Towards a useful F#-style |> operator in Scala

Recently I’ve read a story about emulating F#’s very awesome |> operator in Scala. Obviously, Scala ain’t F# in more ways than just this, however, this got me thinking about the differences, and caused me to fall down a long and winding code hole that I’m just now climbing out of.

The way F# structures collection operations (map, filter, …) is quite useful: these are defined as module-level functions on modules named after collections (List, Seq, Map, …). Because F# functions are inherently curried, collection operations are typed as (I’m using the equivalent Scala syntax here):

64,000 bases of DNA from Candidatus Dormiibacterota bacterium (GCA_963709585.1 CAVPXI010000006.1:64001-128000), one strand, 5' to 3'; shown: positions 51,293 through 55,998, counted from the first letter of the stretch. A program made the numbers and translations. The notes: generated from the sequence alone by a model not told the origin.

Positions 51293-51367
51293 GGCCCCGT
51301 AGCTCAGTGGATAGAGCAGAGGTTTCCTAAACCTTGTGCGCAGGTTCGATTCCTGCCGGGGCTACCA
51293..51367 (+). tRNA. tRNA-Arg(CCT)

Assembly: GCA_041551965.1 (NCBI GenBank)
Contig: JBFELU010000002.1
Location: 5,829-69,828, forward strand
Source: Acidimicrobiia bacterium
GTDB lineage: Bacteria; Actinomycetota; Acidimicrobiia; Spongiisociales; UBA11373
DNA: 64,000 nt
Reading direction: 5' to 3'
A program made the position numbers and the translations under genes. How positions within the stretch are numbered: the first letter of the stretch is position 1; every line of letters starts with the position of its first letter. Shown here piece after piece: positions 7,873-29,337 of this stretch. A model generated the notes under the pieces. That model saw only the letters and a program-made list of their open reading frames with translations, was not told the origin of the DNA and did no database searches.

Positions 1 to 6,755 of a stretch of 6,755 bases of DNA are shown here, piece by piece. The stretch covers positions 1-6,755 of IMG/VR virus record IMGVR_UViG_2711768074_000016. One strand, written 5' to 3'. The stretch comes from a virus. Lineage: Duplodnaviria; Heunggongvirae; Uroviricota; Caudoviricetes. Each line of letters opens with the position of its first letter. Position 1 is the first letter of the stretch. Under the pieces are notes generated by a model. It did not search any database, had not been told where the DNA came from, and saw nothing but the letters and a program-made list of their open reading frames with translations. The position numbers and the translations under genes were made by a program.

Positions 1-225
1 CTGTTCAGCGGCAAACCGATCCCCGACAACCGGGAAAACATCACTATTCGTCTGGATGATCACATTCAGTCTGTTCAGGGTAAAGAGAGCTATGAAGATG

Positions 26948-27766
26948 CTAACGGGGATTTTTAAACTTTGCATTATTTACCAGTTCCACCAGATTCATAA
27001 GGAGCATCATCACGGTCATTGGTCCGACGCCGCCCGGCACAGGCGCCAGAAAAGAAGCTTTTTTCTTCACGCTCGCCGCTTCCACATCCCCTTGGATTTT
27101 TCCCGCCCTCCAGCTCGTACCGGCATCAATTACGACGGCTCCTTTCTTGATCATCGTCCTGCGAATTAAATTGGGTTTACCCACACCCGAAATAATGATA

Conversely, in Scala we’re forced to wait until a collection instance is available, and only then are we allowed to call various operations on it.

I thought this was pretty uncool, so I embarked upon a quest to find some way to write F# in Scala. My initial assumption was that this would necessarily involve macros, however, these were not the quasiquotes I was looking for.

The result is this:

A full report of my adventure is linked above; suffice it to say that I’m now able to write code like this:

This is almost entirely useless (like, why would anyone want to do this ever?), but definitely a loud and obnoxious testament to the expressiveness of Scala and flexibility of its syntax in the wrong hands.